CAPE GIRARDEAU, Mo. (KFVS) – There’s a growing concern in downtown Cape Girardeau involving a local community center and the crowds it’s bringing to Broadway.
We Do Recover Community Center is located in the 700 block of Broadway.
According to the Gibson Center for Behavior Change, the center is a gathering place for newly recovering addicts where they can spend time together and be close to needed services.
But some nearby business owners say patrons who openly use drugs and harass passers-by are losing their patience and business.
Seeing open needles at the Flesh Hound Tattoo shop is nothing new; but owner Renee Gordon says she’s found used needles under the skin on her property.
And she has seen them being used.
“I saw a person take off their shoes and use a syringe to inject drugs into their feet,” Gordon tells me. “Just across the street on the sidewalk.”
Gordon’s tattoo shop is located across the street from the We Do Recover Community Center.
“My concerns are basically that we’re going to lose business,” she says. “Not only us, but also our neighbors.”
I heard the same concern across the street at River City Coins and Jewelry.
“I’ve had some complaints from my customers about harassment,” says owner Mike Sprouse. “I’ve had older people say they want to come in, but they see this group and decide they don’t want to.”
Gordon showed me cell phone video she recorded on a Friday afternoon in July showing a large group of people outside the center.
“It’s so much chaos and confusion,” she says of the crowd, “that it would be intimidating for anyone trying to navigate just to get down to the sidewalk.”
Shane Sprouse of River City Coins describes what he saw and heard.
“Screaming, shouting at people in the street. Just calling,” Sprouse said. “And all this negativity that used to be a peaceful street has turned into a nightmare.”
Sprouse also describes an incident a few weekends ago when a mother and her teenage daughter walked into the coin shop.
And I said, ‘Are you okay?’ And she said, ‘No, a guy just grabbed my butt. And I said, ‘Oh my god. Are you kidding me?’ And she said, ‘Mom, I want to go. I have to get out of here.”
I took these concerns directly to Ryan Essex, the chief operating officer of the Gibson Center for Behavior Change who runs this community center.
“Of course, we want to be good neighbors,” Essex tells me. “We want to do what we can to support businesses in the area. We are a business in this area.”
Essex describes the facility as a support center. No treatment is provided.
Instead, he tells me, it’s designed to give those recovering from addiction a safe, substance-free place to gather.
“Last month, we had over 250 unique individuals walk through our door.”
Essex says they have taken steps to keep large crowds from gathering outside the centre. He tells me he hasn’t seen open drug use himself, but says it’s no secret substance use is a problem in Cape Girardeau.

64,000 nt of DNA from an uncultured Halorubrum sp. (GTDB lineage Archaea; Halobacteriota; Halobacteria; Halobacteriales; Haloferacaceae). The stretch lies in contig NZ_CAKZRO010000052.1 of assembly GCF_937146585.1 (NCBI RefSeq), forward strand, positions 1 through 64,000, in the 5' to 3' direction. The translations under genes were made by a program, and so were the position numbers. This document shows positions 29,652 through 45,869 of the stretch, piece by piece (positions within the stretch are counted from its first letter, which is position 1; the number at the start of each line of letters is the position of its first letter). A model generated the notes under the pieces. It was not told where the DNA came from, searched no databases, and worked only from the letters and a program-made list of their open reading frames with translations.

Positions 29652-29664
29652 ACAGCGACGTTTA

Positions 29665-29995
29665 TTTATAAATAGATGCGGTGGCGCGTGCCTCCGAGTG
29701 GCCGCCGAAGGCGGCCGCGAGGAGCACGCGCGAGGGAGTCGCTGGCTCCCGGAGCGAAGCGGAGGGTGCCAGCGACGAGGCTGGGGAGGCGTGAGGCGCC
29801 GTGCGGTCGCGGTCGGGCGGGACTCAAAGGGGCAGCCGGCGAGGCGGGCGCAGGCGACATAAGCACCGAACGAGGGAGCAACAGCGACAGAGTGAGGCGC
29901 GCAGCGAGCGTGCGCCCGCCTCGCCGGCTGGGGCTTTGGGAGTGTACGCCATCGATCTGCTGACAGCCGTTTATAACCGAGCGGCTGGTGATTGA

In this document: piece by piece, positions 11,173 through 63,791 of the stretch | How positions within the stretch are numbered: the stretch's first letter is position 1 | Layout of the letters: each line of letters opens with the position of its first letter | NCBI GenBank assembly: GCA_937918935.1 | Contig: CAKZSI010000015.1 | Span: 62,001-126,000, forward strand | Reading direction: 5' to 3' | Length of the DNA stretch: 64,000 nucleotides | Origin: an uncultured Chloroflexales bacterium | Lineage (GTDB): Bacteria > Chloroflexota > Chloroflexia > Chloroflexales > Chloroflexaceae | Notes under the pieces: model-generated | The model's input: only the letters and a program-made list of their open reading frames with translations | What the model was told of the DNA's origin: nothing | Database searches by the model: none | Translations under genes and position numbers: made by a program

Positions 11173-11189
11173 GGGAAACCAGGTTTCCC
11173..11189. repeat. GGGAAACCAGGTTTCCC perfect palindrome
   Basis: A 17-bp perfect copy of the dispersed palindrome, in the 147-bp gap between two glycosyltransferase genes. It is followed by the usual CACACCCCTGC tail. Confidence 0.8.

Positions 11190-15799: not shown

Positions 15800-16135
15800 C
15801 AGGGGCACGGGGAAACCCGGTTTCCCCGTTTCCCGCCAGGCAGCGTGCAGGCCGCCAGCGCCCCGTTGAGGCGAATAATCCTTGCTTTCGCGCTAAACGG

“If anyone sees something like this happening, they should call the authorities. Because we will not condone any illegal behavior that occurs in our surrounding facility.”
I asked Mike Sprouse, who has done business downtown for 29 years, if he has a solution.
“For them to move this location to another area,” he replied.
Is this the right place for them to experience their early healing? I asked Essex.
“The right place is wherever they enter one of our doors,” he replied. “If someone is 20 hours or under the influence, we have other facilities here in town that may be able to better meet their needs. And that’s where we try to take them.”
These business owners tell me they are not against what the center is doing. They just don’t think this busy downtown corridor is the place to do it.
“I absolutely love the downtown feel,” says Renee Gordon. “I like that people are starting to develop this area. I don’t want to see it diminish. I want our city to grow in a more positive direction. And now, I think we’re at an unstable crossroads.”
Both Gordon and Sprouse gave me letters they sent to the municipality. Cape Girardeau Mayor Stacy Kinder says she didn’t get them.
After I gave her copies, she met with me to share her thoughts on the situation.
“Well, of course the City of Cape Town wants to respond to any concerns, especially safety concerns that our business owners or residents of all have,” Kinder tells me. “If there are particular issues that all mixed-use users of our center have, we need to know about it. And of course, if there are, as I said, public safety issues, we need to respond, be able to respond quickly to them.”
Mayor Kinder says she plans to reach out to interested business owners.
I contacted the Cape Girardeau Police for any calls received regarding the We Do Recover Community Center.
Records show four service calls about drug use in the alley adjacent to the center since May.
Ryan Essex tells me they have no current plans to move the community center.
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